Perhaps. However this is all a bit superficial. They’re basically playing with abstract human created units of measurements that do not necessarily change reality, they’re meant to reflect it.

China accounts for some 60% of the deficit and the main import is electronics. That being computers, laptops, phones, etc.

There’s naturally considerable demand for these in many cases necessary goods, and such demand might not be very liquid. People need a laptop to work, for example.

If America is not producing laptops, then America has no choice but to buy them from China. For America to produce laptops, they will have to not produce something else, say solar panels, because human capital is limited.

Hence countries tend to specialize in what they do well, just as labour does. America can do very well in innovation if they remove a ton of strangling red tape where even kids now need a license to sell lemonade.

If instead they want to build laptops, then they might not have time to build say manufacturing robots. Considering further that laptops don’t pay very well, while manufacturing robots might do, it becomes a bit clear why they’re not building such laptops in America.

Moreover to build such laptops in US there would need to be considerable upfront investment in robotic manufacturing because American labour is very expensive.

The government can assist in such upfront investment, and perhaps it would be able to if they’re not spending all this money on interest payments to bankers, pensions to some wealthy individuals, very expensive medicine due to some monopolistic practices and of course if they were not spending it on war.

America is spending more than Europe on research and development, but if their strength is innovation, it should be far higher than 2.8% of GDP.

Trump however is increasing military spending even as hopefully the major wars are now over. From that there should be some sort of peace dividend, but Trump says we hope to never use the bigger, stronger, army, and by having it, it is more likely that America won’t need to.

This is an approach to intra-national relations as if someone is talking to their friends because the opposite may well happen. If you strengthen your army, then others will have to keep up, meaning you strengthen it more, effectively until some general says we have all these toys, why don’t we play.

Security is paramount, but there can be such a thing as too much security with other things important too, such as not going bankrupt.

Turn on Stealth Taxation

While there are plenty of things that can be done to actually strengthen the economy and make it far more dynamic, usually they are somewhat complicated things or require considerable upfront investments, with it all taking years to just get off the ground.

To change the Securities Act, for example, so as to allow more startups and thus more innovation, they’d probably want to undertake some sort of study, and then reports, and then consultation, and then debate and then finally a vote.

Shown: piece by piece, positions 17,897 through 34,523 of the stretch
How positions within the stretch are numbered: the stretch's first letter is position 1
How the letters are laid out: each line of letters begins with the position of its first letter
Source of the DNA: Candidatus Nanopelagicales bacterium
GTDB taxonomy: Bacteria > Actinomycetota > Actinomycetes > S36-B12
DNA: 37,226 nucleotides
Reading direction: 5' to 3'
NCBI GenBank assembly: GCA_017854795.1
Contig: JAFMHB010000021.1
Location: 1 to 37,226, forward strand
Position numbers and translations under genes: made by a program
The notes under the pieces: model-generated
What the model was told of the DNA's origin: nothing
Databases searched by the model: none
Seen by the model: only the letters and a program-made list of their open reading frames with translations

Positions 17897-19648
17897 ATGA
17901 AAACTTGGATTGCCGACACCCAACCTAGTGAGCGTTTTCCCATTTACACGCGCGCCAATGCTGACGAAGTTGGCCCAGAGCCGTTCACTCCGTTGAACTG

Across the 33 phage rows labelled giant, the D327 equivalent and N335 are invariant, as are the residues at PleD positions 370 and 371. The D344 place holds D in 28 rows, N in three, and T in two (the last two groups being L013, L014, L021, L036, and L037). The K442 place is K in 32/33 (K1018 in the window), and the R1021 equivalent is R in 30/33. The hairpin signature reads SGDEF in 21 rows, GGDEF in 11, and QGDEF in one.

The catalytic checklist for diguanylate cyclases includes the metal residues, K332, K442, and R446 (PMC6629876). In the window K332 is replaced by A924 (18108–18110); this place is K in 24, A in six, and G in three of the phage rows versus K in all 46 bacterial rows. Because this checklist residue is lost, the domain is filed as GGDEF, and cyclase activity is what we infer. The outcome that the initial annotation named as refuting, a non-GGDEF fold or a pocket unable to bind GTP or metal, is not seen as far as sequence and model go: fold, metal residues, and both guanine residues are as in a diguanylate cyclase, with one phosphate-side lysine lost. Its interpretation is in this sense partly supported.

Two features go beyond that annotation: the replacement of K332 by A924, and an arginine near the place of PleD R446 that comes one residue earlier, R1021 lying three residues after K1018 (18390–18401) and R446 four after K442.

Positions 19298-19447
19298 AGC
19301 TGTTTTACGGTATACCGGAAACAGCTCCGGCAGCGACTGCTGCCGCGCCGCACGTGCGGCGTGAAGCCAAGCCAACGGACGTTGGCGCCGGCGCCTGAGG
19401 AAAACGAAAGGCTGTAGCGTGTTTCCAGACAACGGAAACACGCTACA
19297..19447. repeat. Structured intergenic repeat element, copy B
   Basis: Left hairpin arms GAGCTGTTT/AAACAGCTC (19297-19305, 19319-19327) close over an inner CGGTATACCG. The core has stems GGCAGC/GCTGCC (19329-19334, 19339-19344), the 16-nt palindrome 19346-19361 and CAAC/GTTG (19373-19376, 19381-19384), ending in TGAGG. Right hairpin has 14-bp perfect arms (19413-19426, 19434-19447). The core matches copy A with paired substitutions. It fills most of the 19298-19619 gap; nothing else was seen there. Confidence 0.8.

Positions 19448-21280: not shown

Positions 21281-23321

Yet we are learning that the elected are actually in charge, do actually have power and do decide just what gets done and how.

As far as Trump is concerned, he has completely ignored the economy so far except in “gimmicky” ways of cutting taxes which is something a baby can do.

Instead of coming up with some sort of vision or some sort of plan to get the economy really moving rather than by fake methods of government overspending, he is hoping to get FED to play with the unit of account measurement.

Fed has actually been “burning” money, some $600 billion since last year. So Trump may have a point in calling them out a bit as they may have gone too fast, but that might partly be to counteract the dollar’s devaluation due to the stupendous amount of borrowing.

The value of a money does of course in part depend on whether the government can pay back their debt.

With just interest payments now nearing half a trillion, there’s a significant wealth distribution from the taxpayer to mainly bankers or very rich people or foreign governments like China.

That’s a stealth tax without accounting for the actual taxes that presumably at some point would have to go up to pay for all this debt, with such taxes rising either explicitly or by just printing more money.

Meaning Trump hasn’t done as much on the economy as you might have expected due to his pledges of reducing regulations with his administration seemingly outmaneuvered on tariffs and with the government appearing to not quite have a plan on the economy, hence perhaps his focus on manipulating money.

It is sort of election season though, so we may well hear what he plans for his second term with the economy likely to be the top concern for voters.

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Comments (1)

  1. Anglo-America has fallen and gone forever. 20th century world international order of the fallen Anglo-America is dead and gone forever. Brethon Woods financial system of the fallen Anglo-America is dead and gone forever. This is 21st century world of Multipolar international order.